• Over 72 kilometres of new pipeline carried the Corps’ daily requirement of 2.3 million litres of water for the men and 50,000 horses, as well as for cooling overheated artillery.
  • On Easter Sunday a sharp north-westerly wind blew flurries of snow across no-man’s land. The troops received a hot meal and a tot of rum.
  • the plan was to attack along a 6.4 kilometre (4 mile) front
  • Anticipating hundreds if not thousands of casualties, graves were dug in advance of battle.
  • Zero hour was 5:30 am Easter Sunday morning, April 9, 2017
  • That morning the first attacking wave of 20,000 soldiers followed behind a creeping barrage that gave protection to these soldiers while continuing to attack the enemy.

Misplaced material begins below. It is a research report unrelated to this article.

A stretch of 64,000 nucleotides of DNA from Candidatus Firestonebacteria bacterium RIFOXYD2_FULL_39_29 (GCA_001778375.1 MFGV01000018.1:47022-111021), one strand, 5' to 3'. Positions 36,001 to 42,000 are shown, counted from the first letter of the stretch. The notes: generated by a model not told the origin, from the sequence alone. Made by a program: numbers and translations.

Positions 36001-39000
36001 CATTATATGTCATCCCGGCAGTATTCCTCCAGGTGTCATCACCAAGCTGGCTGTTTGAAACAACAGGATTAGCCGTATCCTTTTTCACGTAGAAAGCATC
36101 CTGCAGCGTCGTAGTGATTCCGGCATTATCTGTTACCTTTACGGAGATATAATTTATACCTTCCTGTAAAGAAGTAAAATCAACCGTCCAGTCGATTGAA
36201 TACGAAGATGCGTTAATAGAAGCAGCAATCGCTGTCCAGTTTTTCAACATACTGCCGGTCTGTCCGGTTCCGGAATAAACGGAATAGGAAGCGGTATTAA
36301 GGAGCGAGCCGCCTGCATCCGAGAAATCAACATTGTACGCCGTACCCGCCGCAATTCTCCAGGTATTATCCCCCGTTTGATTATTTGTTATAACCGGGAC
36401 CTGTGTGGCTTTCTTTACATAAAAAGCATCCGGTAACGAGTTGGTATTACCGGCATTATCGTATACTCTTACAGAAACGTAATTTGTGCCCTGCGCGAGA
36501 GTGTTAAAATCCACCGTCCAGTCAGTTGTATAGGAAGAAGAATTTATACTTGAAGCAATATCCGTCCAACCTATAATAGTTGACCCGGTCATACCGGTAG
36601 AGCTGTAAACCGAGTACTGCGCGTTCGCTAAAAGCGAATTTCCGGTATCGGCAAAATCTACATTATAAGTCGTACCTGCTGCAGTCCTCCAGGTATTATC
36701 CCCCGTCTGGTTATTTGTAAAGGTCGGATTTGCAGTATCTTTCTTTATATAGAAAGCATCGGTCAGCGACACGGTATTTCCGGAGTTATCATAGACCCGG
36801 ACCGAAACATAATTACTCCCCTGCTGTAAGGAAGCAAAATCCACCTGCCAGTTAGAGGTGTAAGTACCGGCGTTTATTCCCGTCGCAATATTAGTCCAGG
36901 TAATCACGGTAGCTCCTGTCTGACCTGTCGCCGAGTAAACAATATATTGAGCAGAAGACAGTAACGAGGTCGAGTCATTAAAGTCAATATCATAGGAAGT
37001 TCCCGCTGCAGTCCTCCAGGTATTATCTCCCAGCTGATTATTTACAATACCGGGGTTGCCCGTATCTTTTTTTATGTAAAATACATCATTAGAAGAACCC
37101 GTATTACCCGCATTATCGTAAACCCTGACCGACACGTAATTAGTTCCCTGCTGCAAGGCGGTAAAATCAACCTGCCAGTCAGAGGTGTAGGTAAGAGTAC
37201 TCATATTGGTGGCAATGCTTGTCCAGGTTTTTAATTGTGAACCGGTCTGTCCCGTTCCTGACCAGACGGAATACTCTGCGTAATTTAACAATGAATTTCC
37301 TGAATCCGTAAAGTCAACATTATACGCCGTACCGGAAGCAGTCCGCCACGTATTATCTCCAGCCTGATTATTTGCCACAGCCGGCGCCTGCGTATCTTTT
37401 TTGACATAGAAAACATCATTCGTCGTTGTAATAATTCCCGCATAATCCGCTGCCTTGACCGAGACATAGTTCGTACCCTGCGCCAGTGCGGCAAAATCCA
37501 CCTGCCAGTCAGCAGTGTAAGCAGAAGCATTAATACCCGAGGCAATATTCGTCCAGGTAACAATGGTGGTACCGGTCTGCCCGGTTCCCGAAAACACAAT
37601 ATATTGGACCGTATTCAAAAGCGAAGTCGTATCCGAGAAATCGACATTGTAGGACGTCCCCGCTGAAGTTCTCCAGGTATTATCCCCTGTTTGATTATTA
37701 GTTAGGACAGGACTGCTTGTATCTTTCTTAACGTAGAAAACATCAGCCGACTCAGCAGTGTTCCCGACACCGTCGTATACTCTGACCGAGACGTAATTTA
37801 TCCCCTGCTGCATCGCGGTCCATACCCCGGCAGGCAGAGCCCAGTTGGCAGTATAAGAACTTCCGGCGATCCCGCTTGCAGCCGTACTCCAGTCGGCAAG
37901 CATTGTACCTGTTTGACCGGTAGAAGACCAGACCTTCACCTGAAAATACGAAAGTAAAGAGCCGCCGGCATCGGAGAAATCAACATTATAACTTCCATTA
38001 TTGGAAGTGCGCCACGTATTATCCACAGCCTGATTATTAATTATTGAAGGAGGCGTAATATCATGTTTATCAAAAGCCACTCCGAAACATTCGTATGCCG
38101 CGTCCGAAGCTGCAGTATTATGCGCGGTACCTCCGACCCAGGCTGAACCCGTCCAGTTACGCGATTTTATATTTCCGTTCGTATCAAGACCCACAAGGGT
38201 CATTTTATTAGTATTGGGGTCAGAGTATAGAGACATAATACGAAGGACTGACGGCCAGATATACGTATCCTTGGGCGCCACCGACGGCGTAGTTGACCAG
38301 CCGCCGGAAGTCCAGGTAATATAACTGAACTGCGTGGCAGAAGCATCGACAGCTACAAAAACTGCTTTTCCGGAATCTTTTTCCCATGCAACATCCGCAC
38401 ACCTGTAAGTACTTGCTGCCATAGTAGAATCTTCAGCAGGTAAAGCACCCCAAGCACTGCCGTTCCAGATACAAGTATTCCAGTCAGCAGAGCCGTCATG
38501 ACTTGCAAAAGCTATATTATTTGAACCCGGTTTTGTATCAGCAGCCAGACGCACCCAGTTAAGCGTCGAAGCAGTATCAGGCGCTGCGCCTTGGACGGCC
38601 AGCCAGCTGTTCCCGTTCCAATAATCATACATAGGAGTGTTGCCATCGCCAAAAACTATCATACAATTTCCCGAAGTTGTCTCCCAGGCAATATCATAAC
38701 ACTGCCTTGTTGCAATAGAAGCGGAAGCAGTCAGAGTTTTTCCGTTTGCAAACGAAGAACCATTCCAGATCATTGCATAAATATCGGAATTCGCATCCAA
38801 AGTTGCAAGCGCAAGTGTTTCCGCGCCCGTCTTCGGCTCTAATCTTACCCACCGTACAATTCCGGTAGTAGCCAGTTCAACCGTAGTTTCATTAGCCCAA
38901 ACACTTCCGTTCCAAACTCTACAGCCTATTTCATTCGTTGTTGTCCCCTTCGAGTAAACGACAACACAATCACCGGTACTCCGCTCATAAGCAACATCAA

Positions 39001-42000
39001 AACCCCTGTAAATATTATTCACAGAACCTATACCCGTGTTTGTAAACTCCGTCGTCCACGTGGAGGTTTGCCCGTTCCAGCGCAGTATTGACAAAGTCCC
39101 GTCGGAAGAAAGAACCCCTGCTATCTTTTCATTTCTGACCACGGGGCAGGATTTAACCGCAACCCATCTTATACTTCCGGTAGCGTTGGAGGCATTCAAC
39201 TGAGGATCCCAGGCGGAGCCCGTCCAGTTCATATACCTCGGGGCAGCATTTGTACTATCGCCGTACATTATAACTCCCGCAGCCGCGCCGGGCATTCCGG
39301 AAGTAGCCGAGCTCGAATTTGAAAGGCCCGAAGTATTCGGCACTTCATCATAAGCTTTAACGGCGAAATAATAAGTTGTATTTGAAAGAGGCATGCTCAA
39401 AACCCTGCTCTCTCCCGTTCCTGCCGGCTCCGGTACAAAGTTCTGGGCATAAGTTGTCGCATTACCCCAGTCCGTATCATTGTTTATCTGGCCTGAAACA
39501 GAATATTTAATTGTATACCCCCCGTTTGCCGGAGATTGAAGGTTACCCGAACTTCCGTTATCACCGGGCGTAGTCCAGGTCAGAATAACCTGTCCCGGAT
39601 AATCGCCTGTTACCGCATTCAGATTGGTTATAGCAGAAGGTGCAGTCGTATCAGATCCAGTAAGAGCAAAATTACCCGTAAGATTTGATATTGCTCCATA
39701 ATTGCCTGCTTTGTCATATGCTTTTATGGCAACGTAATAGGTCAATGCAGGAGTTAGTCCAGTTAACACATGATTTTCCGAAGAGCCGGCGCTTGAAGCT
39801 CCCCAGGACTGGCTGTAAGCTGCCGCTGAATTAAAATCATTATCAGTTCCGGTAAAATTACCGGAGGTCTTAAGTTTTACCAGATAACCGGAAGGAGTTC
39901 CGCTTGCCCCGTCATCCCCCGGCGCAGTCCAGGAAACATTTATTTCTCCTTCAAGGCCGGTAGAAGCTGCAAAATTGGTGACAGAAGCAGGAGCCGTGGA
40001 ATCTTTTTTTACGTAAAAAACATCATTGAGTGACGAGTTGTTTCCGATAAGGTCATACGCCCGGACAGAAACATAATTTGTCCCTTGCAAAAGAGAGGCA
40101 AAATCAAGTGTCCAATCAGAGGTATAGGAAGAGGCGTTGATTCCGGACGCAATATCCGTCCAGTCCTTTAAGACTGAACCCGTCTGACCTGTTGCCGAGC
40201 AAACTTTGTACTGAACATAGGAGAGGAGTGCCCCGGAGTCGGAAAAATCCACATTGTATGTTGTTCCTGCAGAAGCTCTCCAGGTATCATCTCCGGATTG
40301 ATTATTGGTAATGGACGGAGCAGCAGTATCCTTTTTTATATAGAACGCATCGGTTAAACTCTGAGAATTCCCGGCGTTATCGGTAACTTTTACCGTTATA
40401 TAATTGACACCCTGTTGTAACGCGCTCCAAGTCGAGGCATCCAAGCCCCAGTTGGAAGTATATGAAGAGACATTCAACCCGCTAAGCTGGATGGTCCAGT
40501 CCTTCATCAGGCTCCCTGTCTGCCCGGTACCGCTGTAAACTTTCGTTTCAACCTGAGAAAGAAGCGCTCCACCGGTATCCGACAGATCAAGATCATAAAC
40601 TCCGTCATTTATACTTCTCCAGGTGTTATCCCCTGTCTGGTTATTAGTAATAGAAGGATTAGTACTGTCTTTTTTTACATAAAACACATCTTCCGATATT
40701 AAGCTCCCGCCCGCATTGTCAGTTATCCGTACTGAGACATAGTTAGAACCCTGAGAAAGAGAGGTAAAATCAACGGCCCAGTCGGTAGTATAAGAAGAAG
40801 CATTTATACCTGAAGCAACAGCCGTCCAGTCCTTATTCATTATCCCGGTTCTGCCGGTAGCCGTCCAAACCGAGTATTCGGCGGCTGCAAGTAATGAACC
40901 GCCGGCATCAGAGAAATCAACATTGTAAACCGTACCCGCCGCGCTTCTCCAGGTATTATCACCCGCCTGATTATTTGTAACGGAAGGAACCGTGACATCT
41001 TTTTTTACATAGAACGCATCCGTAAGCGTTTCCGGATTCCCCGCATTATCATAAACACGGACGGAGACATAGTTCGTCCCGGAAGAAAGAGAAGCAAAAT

FOR MORE ON READING & WRITING HISTORICAL FICTION follow A WRITER OF HISTORY (using the widget on the left sidebar)

M.K. Tod writes historical fiction and blogs about all aspects of the genre at A Writer of History. Her latest novel, TIME AND REGRET was published by Lake Union on August 16, 2016. Mary’s other novels, LIES TOLD IN SILENCE and UNRAVELLED are available from Amazon, NookKoboGoogle Play and iTunes. She can be contacted on Facebook, Twitter and Goodreads or on her website